Our data collection also involved the use of microscopes. We collected discarded parts of the trees we were studying. We try to have minimal impact on the environment we’re studying so we try not to directly interfere by cutting samples from a tree. We collected a small amount of discarded elements, such as dead leaves. We then placed these under microscope. We photographed these samples while they were under microscope and then printed the images in large format onto translucent recycled acrylic. This acrylic is shaped and it surrounds the installation’s LEDs. In doing this we diffuse the LED light with imagery of microscopic elements of the trees.
Experimenta: How would you describe your work in relation to a scientific approach? Because in a way it sounds very scientific, like you’re trying to understand and document but it also feels like you’re trying to build empathy or intimacy, perhaps, with the material that you’re collecting.
Betty: Empathy is really key to the work that we’re doing. I suppose that the work is quite scientific at some stages of it, particularly when we’re in the research phase because we try to be accurate with our methods and with the data we’re collecting. But fundamentally we look to actively build an empathetic connection between ourselves as artists and the environment that we’re working in. And the goal is to translate that data so that we can help audiences build an empathetic connection between themselves and the environment. Research shows that in terms of climate change, people can get overwhelmed and switch off when they’re faced with loads of statistics. But if we can build empathy between people and natural environments, then perhaps we can switch them back on to caring about the environment. Perhaps then they will be more inclined to take action on climate change.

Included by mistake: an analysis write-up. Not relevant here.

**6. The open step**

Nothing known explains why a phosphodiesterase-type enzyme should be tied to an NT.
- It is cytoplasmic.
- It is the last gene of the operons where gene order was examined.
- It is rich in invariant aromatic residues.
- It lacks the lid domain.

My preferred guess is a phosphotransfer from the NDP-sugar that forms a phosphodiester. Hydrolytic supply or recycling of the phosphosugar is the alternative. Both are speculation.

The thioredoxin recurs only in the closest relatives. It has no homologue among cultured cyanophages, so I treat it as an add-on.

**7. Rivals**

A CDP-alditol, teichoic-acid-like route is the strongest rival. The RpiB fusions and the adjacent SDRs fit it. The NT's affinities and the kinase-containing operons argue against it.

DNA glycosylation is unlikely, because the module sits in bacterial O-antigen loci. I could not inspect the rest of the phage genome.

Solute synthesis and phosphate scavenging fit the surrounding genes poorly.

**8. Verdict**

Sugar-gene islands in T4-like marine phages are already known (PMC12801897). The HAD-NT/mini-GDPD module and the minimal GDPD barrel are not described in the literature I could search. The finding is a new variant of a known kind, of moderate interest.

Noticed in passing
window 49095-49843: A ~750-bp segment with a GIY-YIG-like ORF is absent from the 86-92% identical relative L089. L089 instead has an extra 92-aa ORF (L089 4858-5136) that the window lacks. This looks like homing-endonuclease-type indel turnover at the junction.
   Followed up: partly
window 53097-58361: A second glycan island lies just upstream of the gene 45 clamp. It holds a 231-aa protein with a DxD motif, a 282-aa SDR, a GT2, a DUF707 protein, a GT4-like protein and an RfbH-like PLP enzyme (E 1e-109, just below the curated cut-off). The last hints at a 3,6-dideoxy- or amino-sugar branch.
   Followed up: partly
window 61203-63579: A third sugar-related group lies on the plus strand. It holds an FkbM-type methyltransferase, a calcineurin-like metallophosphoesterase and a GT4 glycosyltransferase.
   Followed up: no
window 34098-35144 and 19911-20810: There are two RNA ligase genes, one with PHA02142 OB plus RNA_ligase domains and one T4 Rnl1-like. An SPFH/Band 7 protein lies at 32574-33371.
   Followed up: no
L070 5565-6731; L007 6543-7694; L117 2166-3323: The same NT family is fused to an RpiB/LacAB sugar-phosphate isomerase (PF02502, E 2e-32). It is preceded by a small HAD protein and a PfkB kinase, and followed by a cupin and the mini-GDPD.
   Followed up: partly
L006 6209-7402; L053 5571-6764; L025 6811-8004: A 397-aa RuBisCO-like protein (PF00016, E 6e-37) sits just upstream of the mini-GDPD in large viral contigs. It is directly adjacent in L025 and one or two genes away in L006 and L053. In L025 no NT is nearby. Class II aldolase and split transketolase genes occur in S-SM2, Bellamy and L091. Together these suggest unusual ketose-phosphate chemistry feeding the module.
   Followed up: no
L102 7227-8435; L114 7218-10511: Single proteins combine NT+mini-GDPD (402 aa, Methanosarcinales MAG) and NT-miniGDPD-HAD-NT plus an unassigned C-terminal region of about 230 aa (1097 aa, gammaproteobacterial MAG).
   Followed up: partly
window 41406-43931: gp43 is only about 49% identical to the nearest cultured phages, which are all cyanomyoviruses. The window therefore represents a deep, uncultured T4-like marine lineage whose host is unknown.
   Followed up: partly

Through this installation we look to uncover hidden elements from five significant international ecosystems. We use scientific and technological equipment to help uncover new ways of understanding these environments. By placing the environment front and center, perhaps we as people can learn to adapt more to the needs of our natural world, rather than having the expectation that it will continue to adapt to us.
Left image: Collecting environmental data in Taiwan.“The rain didn’t stop us from collecting environment data in Wulai, Taipei this morning.” Right image: Listening to a tree in the Amazon forest of Brazil.
Experimenta Life Forms International Triennial of Media Art
Exploring how biological and artificial life are challenging human-centric thinking, Experimenta Life Forms will be Experimenta’s 8th national touring exhibition. Premiering in Melbourne in 2020 and the exhibition will tour nationally until 2023. Click here to find out more.
Experimenta Life Forms Commissions are developed in partnership with the Australian Network for Art and Technology (ANAT) and SymbioticA.
Image Credits: All images courtesy of PluginHUMAN. An Experimenta Life Forms Commission.